provision for an attorney fee to be
paid out of the fund. It was for
25 per cent. To whom was it to
be paid? The man was named.
Was he an attorney? He had
never seen the inside of law
book. He was a druggist. He
was the husband of the sister of
the philanthropic senator who was
the friend of the Indians. The
law would not permit the senator
to vote on a bill by which a benetit
was to accrue to a relative. But a
brother-in law is not a relative.
The fact is that the administra
tion of Indian affairs has held back
both the Indian and the white
man, has kept fertile territories
lying waste, kept the Indian a
child in the law and corrupted the
white man who had dealings with
him. It has established and main
tained a horde of petty parasites,
who preyed not less upon the In
than upon the whites. Immense
amounts were appropriated from
the white man's money ostensibly
for the Indians' benetit, only to be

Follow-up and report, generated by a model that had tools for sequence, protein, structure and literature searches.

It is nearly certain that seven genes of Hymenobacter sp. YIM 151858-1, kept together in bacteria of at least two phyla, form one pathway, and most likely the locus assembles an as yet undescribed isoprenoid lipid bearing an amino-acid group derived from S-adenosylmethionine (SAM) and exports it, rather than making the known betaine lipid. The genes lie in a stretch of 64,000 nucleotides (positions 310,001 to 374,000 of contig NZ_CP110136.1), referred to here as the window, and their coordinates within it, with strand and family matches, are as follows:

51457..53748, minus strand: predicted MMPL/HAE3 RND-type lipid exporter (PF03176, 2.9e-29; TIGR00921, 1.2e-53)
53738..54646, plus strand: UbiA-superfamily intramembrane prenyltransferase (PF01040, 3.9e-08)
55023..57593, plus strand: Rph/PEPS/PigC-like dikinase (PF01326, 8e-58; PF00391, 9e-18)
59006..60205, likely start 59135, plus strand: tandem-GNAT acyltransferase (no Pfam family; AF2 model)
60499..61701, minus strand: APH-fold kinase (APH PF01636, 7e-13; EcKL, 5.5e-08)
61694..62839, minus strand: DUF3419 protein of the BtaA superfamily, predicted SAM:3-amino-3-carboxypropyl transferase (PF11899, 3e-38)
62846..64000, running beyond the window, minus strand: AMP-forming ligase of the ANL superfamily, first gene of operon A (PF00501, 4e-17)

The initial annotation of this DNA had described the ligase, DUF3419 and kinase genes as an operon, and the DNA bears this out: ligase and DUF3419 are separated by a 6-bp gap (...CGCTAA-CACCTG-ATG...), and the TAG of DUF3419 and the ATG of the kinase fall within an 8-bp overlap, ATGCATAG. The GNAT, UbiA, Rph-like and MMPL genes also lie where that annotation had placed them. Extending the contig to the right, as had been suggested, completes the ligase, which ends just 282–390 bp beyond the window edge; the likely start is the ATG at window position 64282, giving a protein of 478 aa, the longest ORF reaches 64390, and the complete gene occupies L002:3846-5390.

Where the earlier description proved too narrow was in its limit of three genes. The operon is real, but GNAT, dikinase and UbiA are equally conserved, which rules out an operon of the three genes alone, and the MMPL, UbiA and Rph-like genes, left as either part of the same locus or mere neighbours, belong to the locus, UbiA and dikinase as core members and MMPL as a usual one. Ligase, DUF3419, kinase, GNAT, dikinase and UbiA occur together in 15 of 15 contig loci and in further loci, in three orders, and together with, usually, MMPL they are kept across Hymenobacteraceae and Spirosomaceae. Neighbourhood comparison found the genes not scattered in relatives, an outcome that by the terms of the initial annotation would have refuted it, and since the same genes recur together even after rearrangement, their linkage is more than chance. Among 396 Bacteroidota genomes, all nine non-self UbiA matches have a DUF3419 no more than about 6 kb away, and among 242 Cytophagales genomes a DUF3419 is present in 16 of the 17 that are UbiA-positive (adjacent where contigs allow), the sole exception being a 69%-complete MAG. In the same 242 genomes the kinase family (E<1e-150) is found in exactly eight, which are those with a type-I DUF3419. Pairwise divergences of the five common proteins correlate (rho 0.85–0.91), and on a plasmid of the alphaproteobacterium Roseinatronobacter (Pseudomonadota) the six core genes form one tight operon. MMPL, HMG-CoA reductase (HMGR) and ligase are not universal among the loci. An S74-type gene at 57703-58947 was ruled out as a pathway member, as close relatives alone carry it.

stolen'or squandered by a horde of
Turn the Indian loose. Give
him all he has creditrd him on the
books, make him a citizen with
the duties and powers and respon
sibilities of a citizen, and you will
benefit both the red man and bis
white neighbor Turu the Indian
loose,Detroit Herald.
A better and more prosperous
era is dawning for the people of
White Earth and the Chippewas
of Minnes"ta generally. For the
White Earth, Becker Cunty, Minnesota, Thursday, December 5, 9918.
of Indian rights, justice and liber
ty, including the streneous opposi
tion of the Indian bureau. About
34 years ago its predecessor, the
TBOGRESS, entered the arena and
Before its initial number was put
On the press, the servile henchman